liability insurance premiums. The effects of damages caps on defensive

medicine, physicians’ location decisions and the cost of health care to consumers

are less clear. The only study of whether consumers benefit from lower health

insurance premiums as a result of damages caps found no impact. Some state

courts have based decisions declaring damages caps legislation unconstitutional

on the lack of evidence of their effectiveness, thereby ignoring the findings of

conflicting research studies or discounting their relevance. Although courts

should be cautious in rejecting empirical evidence that caps are effective,

legislators should consider whether they benefit consumers enough to justify

limiting tort recoveries for those most seriously injured by malpractice.

The value of this article details damage caps as the most controversial

aspect of malpractice reform. Debate over whether medical malpractice damage

caps have reduced medical malpractice premiums or not still rages on. Nearly all

of the rigorous empirical analysis conducted since 1990 found that malpractice

are lower in the presence of damage caps. Only one study found caps

ineffective in this regard. The effects of damage caps on the practice of

defensive medicine, physician’s location decisions and the cost of health care on

consumers are less clear. The article demonstrates there is evidence of small to

modest effects of damage caps on defensive medicine and some evidence that

caps expand the valuable supply of physicians.

Schoenbaum, Stephen. “Malpractice Reform Must Include Steps To Prevent Medical Injury.” Milbank Annals of Internal Medicine. Volume 140, Issue 1 (2004): 51-54. Web

In the current malpractice insurance crisis, physicians focus their

advocacy and energy primarily on rapidly increasing liability premiums; problems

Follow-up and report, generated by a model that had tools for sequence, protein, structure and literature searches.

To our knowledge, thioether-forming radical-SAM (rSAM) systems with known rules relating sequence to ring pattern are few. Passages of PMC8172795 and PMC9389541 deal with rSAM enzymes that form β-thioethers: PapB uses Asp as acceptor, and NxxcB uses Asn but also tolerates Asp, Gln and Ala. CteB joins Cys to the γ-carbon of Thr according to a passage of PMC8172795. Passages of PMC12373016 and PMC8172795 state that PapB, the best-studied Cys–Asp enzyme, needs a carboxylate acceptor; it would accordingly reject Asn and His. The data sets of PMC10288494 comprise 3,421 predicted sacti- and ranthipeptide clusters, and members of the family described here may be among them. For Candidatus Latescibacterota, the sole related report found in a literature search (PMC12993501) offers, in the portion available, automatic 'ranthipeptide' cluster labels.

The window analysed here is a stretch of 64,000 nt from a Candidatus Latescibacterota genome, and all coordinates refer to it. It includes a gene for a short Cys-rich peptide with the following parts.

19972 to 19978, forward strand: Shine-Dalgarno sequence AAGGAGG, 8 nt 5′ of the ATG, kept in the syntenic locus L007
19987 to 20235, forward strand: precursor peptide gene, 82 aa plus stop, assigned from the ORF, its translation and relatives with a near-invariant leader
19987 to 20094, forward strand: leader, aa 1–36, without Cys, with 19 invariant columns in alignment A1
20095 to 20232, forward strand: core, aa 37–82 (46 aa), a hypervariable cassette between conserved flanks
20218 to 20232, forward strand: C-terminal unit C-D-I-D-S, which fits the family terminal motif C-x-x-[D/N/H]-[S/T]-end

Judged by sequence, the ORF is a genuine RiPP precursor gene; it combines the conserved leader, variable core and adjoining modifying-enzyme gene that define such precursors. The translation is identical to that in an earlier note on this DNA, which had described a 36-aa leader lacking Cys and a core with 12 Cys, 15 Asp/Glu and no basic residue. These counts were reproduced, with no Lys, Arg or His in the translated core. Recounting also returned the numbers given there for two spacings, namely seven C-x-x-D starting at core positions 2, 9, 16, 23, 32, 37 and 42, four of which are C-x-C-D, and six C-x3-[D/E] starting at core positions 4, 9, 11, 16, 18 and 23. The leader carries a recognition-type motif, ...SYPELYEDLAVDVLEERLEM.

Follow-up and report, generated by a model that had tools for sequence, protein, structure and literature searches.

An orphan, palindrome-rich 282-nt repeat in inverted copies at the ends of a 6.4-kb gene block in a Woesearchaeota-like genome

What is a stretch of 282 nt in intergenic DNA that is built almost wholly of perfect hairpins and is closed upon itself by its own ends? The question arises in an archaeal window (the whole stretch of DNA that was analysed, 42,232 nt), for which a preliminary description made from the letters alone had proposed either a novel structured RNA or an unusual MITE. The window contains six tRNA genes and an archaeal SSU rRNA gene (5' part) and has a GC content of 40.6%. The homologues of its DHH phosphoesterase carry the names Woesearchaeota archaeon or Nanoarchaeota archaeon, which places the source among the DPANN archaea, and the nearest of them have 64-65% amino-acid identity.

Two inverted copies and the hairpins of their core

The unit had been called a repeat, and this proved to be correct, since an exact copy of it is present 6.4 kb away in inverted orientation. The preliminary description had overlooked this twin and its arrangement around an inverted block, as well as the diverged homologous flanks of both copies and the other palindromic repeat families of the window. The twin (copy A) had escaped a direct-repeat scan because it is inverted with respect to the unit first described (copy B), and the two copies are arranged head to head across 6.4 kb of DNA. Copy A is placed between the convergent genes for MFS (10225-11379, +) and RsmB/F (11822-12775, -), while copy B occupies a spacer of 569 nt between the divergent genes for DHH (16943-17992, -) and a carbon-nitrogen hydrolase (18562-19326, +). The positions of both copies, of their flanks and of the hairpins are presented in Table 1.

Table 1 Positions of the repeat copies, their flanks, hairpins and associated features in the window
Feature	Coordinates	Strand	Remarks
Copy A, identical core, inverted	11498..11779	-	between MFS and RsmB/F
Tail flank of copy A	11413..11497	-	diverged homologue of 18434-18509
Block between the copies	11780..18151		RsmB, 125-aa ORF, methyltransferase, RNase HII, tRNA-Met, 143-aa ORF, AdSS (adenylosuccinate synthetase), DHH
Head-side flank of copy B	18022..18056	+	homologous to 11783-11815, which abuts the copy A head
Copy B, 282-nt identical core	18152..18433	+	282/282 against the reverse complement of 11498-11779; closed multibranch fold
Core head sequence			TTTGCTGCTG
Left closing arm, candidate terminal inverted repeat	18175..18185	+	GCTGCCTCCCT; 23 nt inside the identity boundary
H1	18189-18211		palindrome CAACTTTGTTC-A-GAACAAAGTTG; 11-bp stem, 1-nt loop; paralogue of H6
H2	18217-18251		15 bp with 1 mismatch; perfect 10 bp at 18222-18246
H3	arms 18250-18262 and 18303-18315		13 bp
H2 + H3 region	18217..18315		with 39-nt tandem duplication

in access to care; and demands for legal reform, especially caps on damages.

An even more important focus, however, is prevention of injury and improvement

of patient safety. Physicians largely control patient care and can play a critical

role in systematically reducing injury. Reforms should go beyond liability issues;

they should also harness and enhance physicians' ability to act. More visible

efforts by physicians to reduce harm, better communication with patients and

others and true evidence of improved patient safety should reduce patient anger

and litigiousness. Individually and collectively, physicians can and should ensure

that "doing no harm" comes first in the malpractice debate.

This article stresses that more active work on the part of the physicians

to improve care and reduce harm is clearly in the best interest of the public. In a

culture in which physicians actively seek to guard and improve patient safety and

learn from problems, talking with patients. Avoiding liability claims or reaching

reasonable settlements becomes more likely. As the general public grows to

understand health care is much safer, poor outcomes should be seen as less

likely to result from medical error. Anger and litigiousness should decline as well.

The article goes on to state that for all of these reasons, reduction of harm should

be an essential part of any reform of medical liability or reform. Physicians

should devise successful mechanisms to harness their considerable knowledge

and skills to reduce harm. They are most effective when working collectively

within medical organizations along with lawmakers, insurers, hospital

administrators and patients.

Williams, Alan. “The Cure for What Ails, A Realistic Remedy For The Medical Malpractice Crisis.” Stanford Law and Policy Review. Volume 23.2 (2010): 447-521. Web